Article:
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TALKING HEADS Nidhi Gupta: `Finding and fostering young and emerging talent is the major goal'
TALKING HEADS Nidhi Gupta: `Finding and fostering young and emerging talent is the major goal'

Nidhi Gupta quit her job as an engineer to nurture young sporting talent through the Go Sports Foundation

For most budding sports persons, in their initial days the only people who believe in them are their parents. If support is not forthcoming from parents, many talented youngsters tend to lose interest and focus. The lack of sporting infrastructure also forces many to shelve their dreams of making it big in sports. Many organisations have emerged that aim at nurturing and fine-tuning young talent. One of these is Go Sports Foundation, which aims at providing a helping hand to youngsters in the initial stages of their career

“We support youngsters, who show potential and talent in sports, says Nidhi Gupta, Programme Director of the Go Sports Foundation. “We offer scholarships, which includes monetary and technical assistance. They are also provided a great deal of guidance by experts to put them on the road to success.”

Nidhi shifted careers, dropping a job as an engineer to take up the cause of social engineering in sports.

She adds, “Finding and fostering young and emerging talent is the major goal. We aim at helping those talented youngsters, who face financial problems and are part of families unable to sustain their sporting pursuits. We invite applications and also take the opinion of our panel of experts. A degree of background checks is also initiated. We do not follow any rigid parameters as far as selection of candidates is concerned.” GSF recently supported Sourav Saha, a promising young swimmer from Kolkata.

“He came from a poor family and despite the financial hardships managed to bag a gold in the 200 m butterfly event at the junior National championships. We invited him to Bangalore and took the opinion of National coach, Nihar Ameen and took him on board. He has tremendous potential.''

GSF monitors the progress of its wards on a quarter-yearly basis and at the end of the year, takes a decision on whether to continue with the scholarships and other facilities.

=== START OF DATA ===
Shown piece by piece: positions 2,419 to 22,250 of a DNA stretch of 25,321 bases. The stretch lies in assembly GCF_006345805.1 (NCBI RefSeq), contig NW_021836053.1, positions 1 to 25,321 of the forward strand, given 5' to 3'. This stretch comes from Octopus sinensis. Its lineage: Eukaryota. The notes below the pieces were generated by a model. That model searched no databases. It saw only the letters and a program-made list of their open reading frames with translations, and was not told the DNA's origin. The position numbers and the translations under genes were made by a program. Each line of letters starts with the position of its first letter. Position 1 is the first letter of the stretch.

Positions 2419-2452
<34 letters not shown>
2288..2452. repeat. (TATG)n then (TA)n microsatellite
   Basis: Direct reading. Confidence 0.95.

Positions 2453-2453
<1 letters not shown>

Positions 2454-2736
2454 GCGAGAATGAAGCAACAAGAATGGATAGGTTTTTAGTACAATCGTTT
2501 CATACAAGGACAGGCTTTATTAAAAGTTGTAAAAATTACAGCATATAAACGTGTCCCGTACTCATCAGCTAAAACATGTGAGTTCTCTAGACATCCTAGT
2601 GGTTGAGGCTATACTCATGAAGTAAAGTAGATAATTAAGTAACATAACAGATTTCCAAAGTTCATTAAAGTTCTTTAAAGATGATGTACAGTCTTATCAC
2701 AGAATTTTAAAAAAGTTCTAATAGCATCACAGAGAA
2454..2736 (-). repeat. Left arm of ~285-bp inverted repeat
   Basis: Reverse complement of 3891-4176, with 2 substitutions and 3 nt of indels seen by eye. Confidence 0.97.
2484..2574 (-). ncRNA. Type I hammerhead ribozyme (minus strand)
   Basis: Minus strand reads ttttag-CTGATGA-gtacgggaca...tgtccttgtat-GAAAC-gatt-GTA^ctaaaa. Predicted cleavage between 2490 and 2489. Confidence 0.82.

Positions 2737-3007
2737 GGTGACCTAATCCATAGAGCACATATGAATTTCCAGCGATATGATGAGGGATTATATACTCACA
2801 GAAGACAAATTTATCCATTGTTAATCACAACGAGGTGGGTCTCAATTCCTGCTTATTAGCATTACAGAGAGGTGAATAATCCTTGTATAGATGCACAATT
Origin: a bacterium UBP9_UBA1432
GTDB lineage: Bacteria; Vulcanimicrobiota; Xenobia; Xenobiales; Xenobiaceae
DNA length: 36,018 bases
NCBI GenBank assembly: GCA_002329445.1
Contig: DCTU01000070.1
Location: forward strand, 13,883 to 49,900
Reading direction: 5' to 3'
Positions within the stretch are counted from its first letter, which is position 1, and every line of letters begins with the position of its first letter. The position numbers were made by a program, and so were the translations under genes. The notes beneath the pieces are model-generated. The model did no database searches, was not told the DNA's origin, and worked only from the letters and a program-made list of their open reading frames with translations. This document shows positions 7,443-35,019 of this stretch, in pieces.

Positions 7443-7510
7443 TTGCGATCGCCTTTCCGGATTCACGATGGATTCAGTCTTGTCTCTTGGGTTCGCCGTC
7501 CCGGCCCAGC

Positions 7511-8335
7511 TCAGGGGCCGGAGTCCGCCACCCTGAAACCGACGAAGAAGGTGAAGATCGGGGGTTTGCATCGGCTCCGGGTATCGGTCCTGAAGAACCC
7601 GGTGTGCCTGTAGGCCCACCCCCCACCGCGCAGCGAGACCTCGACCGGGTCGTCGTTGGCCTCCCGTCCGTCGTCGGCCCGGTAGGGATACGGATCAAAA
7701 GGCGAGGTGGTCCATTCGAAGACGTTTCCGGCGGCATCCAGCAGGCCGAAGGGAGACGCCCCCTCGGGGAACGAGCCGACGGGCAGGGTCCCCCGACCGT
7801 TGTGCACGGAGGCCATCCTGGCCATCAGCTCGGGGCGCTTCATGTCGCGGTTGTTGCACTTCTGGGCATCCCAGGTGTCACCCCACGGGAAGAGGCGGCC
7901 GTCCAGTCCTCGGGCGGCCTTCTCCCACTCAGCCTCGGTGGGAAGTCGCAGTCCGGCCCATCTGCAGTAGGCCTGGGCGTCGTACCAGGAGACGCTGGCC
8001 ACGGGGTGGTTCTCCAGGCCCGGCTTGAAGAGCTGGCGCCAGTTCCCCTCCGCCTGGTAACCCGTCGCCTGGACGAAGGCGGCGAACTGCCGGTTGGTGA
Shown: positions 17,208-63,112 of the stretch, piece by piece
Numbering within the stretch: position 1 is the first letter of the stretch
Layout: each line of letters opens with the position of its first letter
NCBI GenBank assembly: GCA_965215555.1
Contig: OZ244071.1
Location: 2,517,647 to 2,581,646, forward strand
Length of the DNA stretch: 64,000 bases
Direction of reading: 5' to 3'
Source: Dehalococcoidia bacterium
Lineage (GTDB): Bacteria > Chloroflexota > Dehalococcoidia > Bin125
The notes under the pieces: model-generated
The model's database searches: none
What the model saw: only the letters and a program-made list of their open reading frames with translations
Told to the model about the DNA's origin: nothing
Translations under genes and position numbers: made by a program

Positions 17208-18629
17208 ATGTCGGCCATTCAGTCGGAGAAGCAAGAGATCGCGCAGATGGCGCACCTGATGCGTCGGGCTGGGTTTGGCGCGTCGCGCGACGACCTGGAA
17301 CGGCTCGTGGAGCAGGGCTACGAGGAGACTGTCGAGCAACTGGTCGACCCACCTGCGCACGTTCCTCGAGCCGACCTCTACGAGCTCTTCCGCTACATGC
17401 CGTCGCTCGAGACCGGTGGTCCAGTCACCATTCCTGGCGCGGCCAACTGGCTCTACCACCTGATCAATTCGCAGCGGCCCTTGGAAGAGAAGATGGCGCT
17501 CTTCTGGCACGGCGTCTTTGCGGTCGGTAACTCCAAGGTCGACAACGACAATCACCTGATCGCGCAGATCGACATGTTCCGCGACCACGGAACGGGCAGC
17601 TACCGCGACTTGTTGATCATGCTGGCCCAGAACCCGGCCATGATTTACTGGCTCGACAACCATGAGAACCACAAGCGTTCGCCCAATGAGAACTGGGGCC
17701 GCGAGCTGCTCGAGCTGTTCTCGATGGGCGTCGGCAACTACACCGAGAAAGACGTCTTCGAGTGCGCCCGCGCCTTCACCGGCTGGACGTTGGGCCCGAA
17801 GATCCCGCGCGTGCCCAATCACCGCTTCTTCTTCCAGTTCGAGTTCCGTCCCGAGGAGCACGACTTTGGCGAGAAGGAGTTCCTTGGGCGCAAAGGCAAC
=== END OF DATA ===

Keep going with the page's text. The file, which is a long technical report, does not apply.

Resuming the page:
Another candidate who has received the support of the foundation has been Namit Bahadur, who won a bronze in the AIBA National Youth boxing championship. The foundation also supports Olympian Sandeep Sejwal, one of the nation's best breast stroke swimmers and physically-challenged swimmer, Prasanta Karmakar, who won a clutch of medals at the IWAS Games held in Bangalore recently. In September this year, GSF conducted a path-breaking study on ‘Drop Out' in sports. The survey revealed that most youngsters quit by the time they turned 21, often considered as the period when a person's sporting skills are at the acme.

Apart from financial issues, systemic factors like lack of government support, lack of infrastructure, absence of good coaches and performance-related factors such as lack of motivation and physical factors such as burn out and injuries are also responsible for these high dropout rates in sports.

“This issue needs to be debated seriously. We plan to reach a larger audience and have a national debate on a major TV network with eminent panellists on this issue,” says Nidhi.

Nidhi blames the laidback and unprofessional attitude of Indian sports administrators as a major factor responsible for the mess. “I wish there is sincerity of purpose and people would serve the cause of sports.”

Go Sports Foundation can be contacted at www.gosports.in/gofoundation. Call 42048046.

KALYAN ASHOK

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